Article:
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Title: ICD-10 and MHS Billing Impacts Session: W-2-1630 PowerPoint Presentation
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Title: ICD-10 and MHS Billing Impacts Session: W-2-1630

Title: ICD-10 and MHS Billing Impacts Session: W-2-1630

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Title: ICD-10 and MHS Billing Impacts Session: W-2-1630

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  1. Title: ICD-10 and MHS Billing ImpactsSession: W-2-1630

  2. Objectives What Will Change? Benefits & Advantages of New Codes Understanding the Difference between ICD-9 and ICD-10 How to Build an Inpatient Procedure Code Billing Impacts

  3. What Will Change? What’s Wrong with the System We Have Now?

  4. Why Do We Need a New Coding System? • The Centers for Medicare & Medicaid Services (CMS) says: • Reimbursement – cannot always pay claims fairly • Quality – difficult to evaluate medical processes and outcomes

  5. Who Uses ICD-9-CM? • CMS says we use ICD-9-CM now for: • Calculating payment – MS-DRGs • Adjudicating coverage – diagnosis codes for all settings • Compiling statistics • Assessing quality

  6. Benefits of Adopting ICD-10 Improved ability to measure health care services Increased sensitivity when refining grouping and reimbursement methodologies Enhanced ability to conduct public health surveillance Decreased need to include supporting documentation with claims

  7. Quality Problems with Current ICD-9-CM System Example: Fracture of wrist. Patient fractures left wrist. A month later, fractures right wrist. • ICD-9-CM – unable to identify left versus right • ICD-10-CM describes: • Left versus right • Initial encounter, subsequent encounter • Routine healing, delayed healing, nonunion or malunion

  8. Quality Problems With ICD-9-CM Example: Combination defibrillator pacemaker device Codes for this device are not in the cardiovascular chapter of ICD-9-CM with the other defibrillator and pacemaker devices ICD-10-PCS provides distinct codes for all these types of devices in a user-friendly manner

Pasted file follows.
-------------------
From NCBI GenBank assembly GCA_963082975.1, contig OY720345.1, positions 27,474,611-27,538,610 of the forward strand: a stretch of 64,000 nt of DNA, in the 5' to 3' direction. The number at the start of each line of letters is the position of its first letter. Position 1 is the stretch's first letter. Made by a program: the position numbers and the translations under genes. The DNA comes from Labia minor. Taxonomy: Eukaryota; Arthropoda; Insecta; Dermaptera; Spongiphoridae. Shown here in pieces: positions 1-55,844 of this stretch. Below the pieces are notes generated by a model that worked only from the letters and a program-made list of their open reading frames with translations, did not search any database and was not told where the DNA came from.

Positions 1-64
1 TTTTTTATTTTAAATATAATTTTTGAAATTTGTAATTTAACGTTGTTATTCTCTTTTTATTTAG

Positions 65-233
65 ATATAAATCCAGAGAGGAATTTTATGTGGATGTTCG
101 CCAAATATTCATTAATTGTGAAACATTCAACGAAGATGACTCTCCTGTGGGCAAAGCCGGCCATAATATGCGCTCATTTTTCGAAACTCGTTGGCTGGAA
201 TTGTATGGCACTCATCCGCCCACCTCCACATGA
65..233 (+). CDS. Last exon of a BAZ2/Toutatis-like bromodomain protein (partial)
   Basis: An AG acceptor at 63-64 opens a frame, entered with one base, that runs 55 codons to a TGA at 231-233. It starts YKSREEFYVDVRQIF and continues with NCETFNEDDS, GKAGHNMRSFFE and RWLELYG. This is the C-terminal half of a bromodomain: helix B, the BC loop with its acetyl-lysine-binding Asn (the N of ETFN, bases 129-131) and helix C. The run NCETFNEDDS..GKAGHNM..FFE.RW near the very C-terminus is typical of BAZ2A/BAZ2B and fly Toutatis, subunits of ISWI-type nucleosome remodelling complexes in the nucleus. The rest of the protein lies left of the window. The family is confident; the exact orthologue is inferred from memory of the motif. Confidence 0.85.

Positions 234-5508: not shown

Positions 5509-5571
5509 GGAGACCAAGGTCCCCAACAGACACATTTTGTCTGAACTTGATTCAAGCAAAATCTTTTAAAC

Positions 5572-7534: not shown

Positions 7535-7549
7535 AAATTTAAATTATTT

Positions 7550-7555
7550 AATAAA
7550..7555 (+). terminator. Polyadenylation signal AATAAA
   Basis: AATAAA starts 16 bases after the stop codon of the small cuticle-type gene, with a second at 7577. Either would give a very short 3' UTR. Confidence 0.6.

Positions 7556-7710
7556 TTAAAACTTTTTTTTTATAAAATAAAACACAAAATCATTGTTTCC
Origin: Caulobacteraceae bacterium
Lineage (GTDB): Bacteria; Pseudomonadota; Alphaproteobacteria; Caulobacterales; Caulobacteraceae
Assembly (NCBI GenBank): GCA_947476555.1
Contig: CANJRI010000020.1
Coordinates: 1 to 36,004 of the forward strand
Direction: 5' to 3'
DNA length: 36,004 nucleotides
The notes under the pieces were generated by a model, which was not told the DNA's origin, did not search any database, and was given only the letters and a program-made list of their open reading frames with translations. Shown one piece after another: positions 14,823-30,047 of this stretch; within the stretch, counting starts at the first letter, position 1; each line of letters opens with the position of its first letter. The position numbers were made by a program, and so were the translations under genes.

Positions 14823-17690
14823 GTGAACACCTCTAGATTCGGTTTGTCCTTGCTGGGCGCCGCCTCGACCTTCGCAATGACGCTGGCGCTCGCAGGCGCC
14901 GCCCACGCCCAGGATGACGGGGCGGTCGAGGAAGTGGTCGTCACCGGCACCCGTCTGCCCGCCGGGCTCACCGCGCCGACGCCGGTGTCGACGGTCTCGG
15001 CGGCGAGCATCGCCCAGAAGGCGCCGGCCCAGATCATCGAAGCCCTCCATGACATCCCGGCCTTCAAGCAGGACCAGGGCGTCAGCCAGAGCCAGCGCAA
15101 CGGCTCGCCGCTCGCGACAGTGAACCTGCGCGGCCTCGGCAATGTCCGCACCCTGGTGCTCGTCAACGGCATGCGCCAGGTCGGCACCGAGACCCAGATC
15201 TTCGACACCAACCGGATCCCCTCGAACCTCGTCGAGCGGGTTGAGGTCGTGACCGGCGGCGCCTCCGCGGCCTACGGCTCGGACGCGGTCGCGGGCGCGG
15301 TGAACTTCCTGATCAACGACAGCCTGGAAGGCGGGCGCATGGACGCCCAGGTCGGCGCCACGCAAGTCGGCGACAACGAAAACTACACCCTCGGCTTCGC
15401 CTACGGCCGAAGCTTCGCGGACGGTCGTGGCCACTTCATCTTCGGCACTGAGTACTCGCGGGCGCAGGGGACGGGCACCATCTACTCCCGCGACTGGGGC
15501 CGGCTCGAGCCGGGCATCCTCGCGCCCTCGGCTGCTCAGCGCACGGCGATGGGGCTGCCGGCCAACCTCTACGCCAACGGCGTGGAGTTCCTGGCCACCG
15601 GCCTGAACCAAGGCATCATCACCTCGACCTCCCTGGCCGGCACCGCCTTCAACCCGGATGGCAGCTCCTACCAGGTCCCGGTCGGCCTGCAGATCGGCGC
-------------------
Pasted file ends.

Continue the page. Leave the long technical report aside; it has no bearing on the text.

9. Changes in Volume of Codes Currently, there are about 14,000 codes in ICD-9 clinical diagnosis areas There are about 4,000 codes in the ICD-9 Volume 3 for operations and procedures In ICD-10 there will be 68,000 clinical diagnosis areas In ICD-10 PCS there will be about 87,000 codes for operations and procedures 14,000 to 68,000 and 4,000 to 87,000

  10. What Will Change? ICD-10-CM

  11. Diagnoses Will Look Different • ICD-9- CM currently has 3–5 numerical digits • Example ICD-9-CM: 123.45 • ICD-10-CM has 3–7 digits (alpha/numerical) • Example ICD-10-CM: S42.001A (fracture of unspecified part of right clavicle, initial encounter for closed fracture)

  12. Some Major Modifications for ICD-10-CM Includes: Added trimesters for Obstetrics Added laterality (left/right) Harmonized with DSM-IV Harmonized with ICD-O-2 for cancer registry

  13. What’s The Difference? Between ICD-10-CM and ICD-10-PCS?

  14. What’s the Difference? ICD-10-CM is used for both inpatient and outpatient diagnoses Who owns ICD-10-CM? (World Health Organization) ICD-10-PCS is used for inpatient procedures (we use CPT to identify our outpatient procedures) Who owns ICD-10-PCS? (Centers for Medicare and Medicaid Services)

  15. ICD-10-CM Format and Draft Conventions

  16. ICD-10-CM Format ICD-10-CM is divided into two main parts: 1. Index (alpha list of terms and code) 2. Tabular List (sequential/alphanumeric list of codes divided into chapters based on body system or condition)

  17. ICD-10-CM Code Structure The first character of a three-digit category/letter The second and third characters are numbers Subcategories are either four or five characters Subcategory characters include either letters or numbers Codes may be 4 or 5 or 6 characters in length The letter “x” is used as a dummy 5th character place-holder Example: T36.0x1A (initial encounter for accidental poisoning by penicillin)